FIGS. 11a and 11 b show distributions of pore diameters of the porous and cylindrical substrate after infiltration with partial pressures of methane of 2.5 and 10 kPa. In the latter case the infiltration was examined close to the maximum relative mass increase. The remaining volume of the pores is 10% (FIG. 11b). A direct comparison with FIG. 11a is not possible, since the infiltration was interrupted at 2.5 kPa before the maximum relative mass increase was reached. However the effect of the higher partial pressure of methane is impressive since the infiltration times were about the same. The micropore volume, which upon further infiltration cannot be further infiltrated, at pore diameters smaller than 0.1 μm generated through infiltration is however astonishing. It amounts in the case of small partial pressures of methane of 2.5 kPa to 0.095 cm3/g, in the case of higher partial pressures of methane of 10 kPa only 0.063 cm3/g, although in the latter case the pore filling is almost completed. From this it can be seen that at smaller partial pressures of methane the pores are closed earlier than at higher partial pressures of methane. This makes the advantages of the use of higher partial pressures of methane in the scope of the teaching of the invention very clear. Furthermore the distribution of pore diameters of the cylinder infiltrated with a partial pressure of methane of 15 kPa shows an even smaller micropore volume of 0.59 cm3/g.
This example described the results of experiments with pure methane at increasing total pressure. The infiltration conditions were otherwise the same as described in example 1. In other words, the temperature was 1,100° C., the persistence time of the gas was 0.16 sec.
FIG. 12 shows the relative mass increase as dependent on the duration of infiltration for partial pressures of methane of 20, 30, 50 and 100 kPa. The curves were plotted with the help of equation 13. In view of the clear nature of the results it was elected to forego the maximal infiltration. They document that an even faster infiltration is achieved with increasing partial pressures of methane, and that under these conditions a satisfactory and approximately maximum pore filling can be achieved as well.
In the experiment with 100 kPa methane, soot formation was observed after 7 hours of infiltration time. This result is not surprising since at this point the porosity is largely degraded and thus the surface has become too small for deposition. In order to exploit the high rate of infiltration at 100 kPa methane, the pressure must be reduced with progressive infiltration or the temperature has to decreased. In any event the results show that even at 50 kPa partial pressure of methane under the above conditions a maximum pore filling can be achieved in less than 40 hours. At 20 kPa partial pressure of methane, 60 hours would be necessary to achieve the same result.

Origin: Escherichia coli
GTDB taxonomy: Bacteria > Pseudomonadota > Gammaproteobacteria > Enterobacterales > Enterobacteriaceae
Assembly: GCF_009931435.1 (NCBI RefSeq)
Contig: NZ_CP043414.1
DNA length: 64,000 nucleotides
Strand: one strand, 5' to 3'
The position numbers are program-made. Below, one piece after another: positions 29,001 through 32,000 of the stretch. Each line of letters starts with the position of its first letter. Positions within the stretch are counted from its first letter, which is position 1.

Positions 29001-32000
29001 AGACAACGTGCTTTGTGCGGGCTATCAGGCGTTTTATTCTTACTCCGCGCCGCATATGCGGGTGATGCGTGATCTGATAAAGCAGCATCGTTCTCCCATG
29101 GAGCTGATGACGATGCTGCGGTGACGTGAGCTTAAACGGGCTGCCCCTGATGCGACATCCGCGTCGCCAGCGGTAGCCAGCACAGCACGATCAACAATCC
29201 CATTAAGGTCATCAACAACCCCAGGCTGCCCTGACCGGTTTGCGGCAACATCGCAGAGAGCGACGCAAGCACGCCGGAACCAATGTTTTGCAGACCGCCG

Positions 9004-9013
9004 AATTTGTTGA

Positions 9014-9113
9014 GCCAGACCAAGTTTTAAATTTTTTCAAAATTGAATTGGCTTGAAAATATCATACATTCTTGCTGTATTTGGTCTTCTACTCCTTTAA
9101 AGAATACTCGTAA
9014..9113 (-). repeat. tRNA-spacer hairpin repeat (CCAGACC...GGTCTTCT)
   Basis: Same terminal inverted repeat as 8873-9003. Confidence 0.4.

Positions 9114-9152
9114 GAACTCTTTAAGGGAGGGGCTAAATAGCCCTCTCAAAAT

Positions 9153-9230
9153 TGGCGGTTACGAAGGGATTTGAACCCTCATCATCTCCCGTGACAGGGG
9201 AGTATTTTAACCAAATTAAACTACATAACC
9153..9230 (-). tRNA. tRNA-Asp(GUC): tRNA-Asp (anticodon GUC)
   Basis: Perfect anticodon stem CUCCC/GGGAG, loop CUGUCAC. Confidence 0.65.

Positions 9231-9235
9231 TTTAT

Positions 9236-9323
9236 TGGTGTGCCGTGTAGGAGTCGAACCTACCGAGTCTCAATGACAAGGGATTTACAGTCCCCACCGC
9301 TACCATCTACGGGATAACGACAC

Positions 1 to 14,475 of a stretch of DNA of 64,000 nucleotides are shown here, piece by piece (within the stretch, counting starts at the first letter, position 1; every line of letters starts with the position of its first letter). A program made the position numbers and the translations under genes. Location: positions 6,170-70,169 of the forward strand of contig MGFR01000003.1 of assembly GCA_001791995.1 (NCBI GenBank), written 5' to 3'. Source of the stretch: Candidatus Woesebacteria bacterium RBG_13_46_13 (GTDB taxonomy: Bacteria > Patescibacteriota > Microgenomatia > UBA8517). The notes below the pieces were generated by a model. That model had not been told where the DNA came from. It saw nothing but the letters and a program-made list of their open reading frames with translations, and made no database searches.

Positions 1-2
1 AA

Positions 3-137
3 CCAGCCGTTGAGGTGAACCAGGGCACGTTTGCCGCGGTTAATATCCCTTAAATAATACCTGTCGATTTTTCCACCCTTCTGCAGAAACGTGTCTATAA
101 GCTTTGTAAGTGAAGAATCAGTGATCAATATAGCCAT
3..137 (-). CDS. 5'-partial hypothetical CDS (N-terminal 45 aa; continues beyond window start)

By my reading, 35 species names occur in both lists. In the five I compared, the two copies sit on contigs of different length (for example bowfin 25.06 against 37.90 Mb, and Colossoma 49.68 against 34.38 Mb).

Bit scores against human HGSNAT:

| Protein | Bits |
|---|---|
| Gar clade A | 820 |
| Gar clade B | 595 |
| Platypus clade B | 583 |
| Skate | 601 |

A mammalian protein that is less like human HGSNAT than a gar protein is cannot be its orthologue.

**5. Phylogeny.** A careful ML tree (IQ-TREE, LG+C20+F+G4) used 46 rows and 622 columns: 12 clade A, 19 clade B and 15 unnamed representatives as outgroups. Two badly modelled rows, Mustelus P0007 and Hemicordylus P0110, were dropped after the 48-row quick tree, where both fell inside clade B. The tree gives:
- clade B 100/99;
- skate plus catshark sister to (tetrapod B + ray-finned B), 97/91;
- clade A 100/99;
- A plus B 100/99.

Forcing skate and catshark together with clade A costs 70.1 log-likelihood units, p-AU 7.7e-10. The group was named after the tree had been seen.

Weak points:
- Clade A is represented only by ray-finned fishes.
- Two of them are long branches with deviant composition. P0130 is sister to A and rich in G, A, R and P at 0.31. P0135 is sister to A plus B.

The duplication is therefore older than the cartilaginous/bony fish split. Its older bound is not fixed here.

In example 3 an educt gas mixture containing hydrogen is used according to a prefered embodiment of the invention. Hereby, a recirculation of gas is realized. The following results demonstrate the very positive effect of the hydrogen with respect to the maximum pore filling.
The experiments were conducted at a total pressure of 20 kPa using methane/argon/hydrogen mixtures at a constant partial pressure of hydrogen of 2.5 kPa. The reaction temperature was 1,100° C., the persistence time 0.16 sec.
FIG. 13 shows the relative mass increase of the porous cylindrical substrate as dependent on the infiltration time. It is obvious that the infiltration rate increases with increasing partial pressure of methane. This means that the optimal result is achieved at a partial pressure of methane of 17.5 kPa and a partial pressure of hydrogen of 2.5 kPa, that is in the absence of the inert gas argon.
FIG. 14 shows the initial rate of infiltration [d(Δm/mo)/dt]t=0 as dependent on the partial pressure of methane. The result is similar to that in FIG. 7. At the highest partial pressure of methane, saturation adsorption is nearly reached; the infiltration rate is formally of zeroth order.